Animal cruelty bill announced at sendoff party for dogs

Heidi Hommel
4 Min Read

PHOENIX – State Senator T.J. Shope introduced an animal cruelty bill this week in partnership with the Arizona Humane Society.

AHS President and CEO Dr. Steven Hansen called this legislation a critical step forward in fortifying the state’s animal cruelty laws.

“Senate bill 1047 specifically defines cruelty to companion animals as failure to provide necessary medical attention, defines food and water as fit for consumption and ensures shelter is safe and provides protection during extreme weather conditions,” Hansen said.

The proposed language better defines animal suffering as unreasonable, he added.

Why lawmakers announced new animal cruelty bill

Chandler police seized nearly 55 dogs from 48-year-old April McLaughlin’s home four months ago.

“It’s one of the most horrific cases of animal cruelty that I’ve personally ever seen,” Hansen said.

If this animal cruelty bill would have been law in September, Chandler PD would have been able to obtain a search warrant of McLaughlin’s home sooner, Hansen said.

AHS has been working with law enforcement over the last four months to bring charges against McLaughlin.

“She is now facing a 24-count indictment that includes eight felony charges and 16 class 1 misdemeanors,” Maricopa County Attorney Rachel Mitchell said last week. “This is in addition to the 77 misdemeanors she already faces in Chandler City Court.”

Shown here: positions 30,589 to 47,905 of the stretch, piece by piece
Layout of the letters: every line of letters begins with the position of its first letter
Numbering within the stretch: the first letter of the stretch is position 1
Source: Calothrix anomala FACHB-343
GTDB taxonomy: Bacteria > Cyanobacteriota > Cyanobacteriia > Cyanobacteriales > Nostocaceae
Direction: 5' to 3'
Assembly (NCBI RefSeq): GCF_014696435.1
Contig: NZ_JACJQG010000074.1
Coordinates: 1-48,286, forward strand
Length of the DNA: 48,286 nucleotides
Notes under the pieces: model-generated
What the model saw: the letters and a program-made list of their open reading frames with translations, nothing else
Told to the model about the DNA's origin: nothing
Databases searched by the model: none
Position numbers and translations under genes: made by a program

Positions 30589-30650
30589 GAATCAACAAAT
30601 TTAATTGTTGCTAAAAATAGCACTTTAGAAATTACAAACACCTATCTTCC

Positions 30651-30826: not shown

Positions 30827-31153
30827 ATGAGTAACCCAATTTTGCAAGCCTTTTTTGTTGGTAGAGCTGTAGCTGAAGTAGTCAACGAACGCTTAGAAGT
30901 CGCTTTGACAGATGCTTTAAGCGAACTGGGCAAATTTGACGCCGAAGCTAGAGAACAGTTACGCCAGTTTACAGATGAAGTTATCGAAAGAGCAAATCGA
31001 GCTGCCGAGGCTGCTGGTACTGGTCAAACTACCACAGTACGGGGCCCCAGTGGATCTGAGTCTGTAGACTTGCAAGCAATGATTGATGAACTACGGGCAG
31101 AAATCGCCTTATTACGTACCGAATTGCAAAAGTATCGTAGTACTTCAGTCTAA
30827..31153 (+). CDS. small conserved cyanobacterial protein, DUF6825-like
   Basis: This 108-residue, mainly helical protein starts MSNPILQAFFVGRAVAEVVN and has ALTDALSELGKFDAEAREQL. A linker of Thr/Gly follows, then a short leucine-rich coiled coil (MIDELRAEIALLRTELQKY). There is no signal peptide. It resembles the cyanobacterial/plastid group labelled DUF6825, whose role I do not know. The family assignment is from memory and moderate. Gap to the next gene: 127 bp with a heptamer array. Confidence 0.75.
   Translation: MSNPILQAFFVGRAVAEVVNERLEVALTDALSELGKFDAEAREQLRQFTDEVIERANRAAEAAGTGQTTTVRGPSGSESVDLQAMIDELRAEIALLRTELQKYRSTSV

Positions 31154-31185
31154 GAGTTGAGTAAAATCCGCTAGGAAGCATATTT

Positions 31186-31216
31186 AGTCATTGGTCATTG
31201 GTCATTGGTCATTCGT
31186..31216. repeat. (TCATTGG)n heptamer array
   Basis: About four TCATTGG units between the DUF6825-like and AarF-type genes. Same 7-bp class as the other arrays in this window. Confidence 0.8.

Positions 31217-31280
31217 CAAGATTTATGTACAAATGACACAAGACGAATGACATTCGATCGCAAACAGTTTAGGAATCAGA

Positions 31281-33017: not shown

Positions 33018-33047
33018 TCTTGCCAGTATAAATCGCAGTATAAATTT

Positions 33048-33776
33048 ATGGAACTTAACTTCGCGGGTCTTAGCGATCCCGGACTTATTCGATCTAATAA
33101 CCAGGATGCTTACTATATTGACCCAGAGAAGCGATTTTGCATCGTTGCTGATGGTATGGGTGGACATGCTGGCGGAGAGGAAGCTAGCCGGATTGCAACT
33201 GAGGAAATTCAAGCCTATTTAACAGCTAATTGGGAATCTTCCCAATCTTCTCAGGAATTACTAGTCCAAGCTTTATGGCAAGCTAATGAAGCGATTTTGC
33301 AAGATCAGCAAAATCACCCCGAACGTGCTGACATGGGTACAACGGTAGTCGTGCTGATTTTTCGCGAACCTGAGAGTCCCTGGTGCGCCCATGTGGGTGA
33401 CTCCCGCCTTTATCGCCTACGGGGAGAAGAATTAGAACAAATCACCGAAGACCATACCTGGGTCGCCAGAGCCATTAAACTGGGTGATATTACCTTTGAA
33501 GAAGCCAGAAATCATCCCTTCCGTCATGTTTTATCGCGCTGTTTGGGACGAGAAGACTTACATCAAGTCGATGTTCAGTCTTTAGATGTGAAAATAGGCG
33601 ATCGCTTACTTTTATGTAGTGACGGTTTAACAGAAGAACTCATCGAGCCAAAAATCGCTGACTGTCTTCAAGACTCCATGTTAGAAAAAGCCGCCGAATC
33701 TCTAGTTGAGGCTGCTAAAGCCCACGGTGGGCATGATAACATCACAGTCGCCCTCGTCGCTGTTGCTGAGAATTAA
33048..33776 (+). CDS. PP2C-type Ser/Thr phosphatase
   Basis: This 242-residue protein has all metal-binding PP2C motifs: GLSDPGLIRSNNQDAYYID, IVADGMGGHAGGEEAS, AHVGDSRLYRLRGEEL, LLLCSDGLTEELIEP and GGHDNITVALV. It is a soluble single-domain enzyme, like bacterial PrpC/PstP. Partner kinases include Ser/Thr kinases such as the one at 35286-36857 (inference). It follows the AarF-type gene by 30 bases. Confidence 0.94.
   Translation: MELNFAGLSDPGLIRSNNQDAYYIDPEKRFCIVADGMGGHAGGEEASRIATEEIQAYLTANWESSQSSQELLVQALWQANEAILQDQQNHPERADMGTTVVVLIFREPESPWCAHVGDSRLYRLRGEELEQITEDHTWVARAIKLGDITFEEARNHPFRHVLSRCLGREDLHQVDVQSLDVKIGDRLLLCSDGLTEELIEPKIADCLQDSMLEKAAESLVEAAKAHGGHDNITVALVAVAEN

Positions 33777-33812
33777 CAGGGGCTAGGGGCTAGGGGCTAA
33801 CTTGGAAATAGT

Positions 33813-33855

How are the dogs from the Chandler ‘house of horrors’ doing?

AHS has already reunited more than 40 of the dogs with former owners and rescue groups.

“The dogs required a substantial amount of medical treatment and special assistance for mobility issues and extra love as they healed from living in such deplorable conditions,” Hansen said.

McLaughlin asked the Chandler Municipal Court in October for custody of 13 dogs police took from her home. While she awaited her hearing, the 13 dogs remained with AHS, unable to go to their forever homes.

A judge denied McLaughlin’s appeal in early January. AHS then obtained ownership of the remaining dogs, who spent one last celebration with their caretakers this week.

During the AHS event, Shope announced SB 1047. Mitchell, who also attended the event, threw her support behind the bill.

“Any time that we can further narrow the definition of words like water and food and shelter and make it more explainable, it’s going to help us be more successful in prosecution,” Mitchell said.

Her office worked hard to bring felony charges against McLaughlin under the current law thanks to substantial veterinary evidence from AHS, she added.

The proposed bill came in the wake of AHS seeing a 21% increase in animal abuse calls last year. It opened nearly 10,000 investigations into animal abuse.

The rest of the dogs taken from McLaughlin’s so-called “house of horrors” will soon be sent to a rescue in southern California, Hansen said.

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Heidi Hommel Arizona News

2024-01-17 11:35:24 ,

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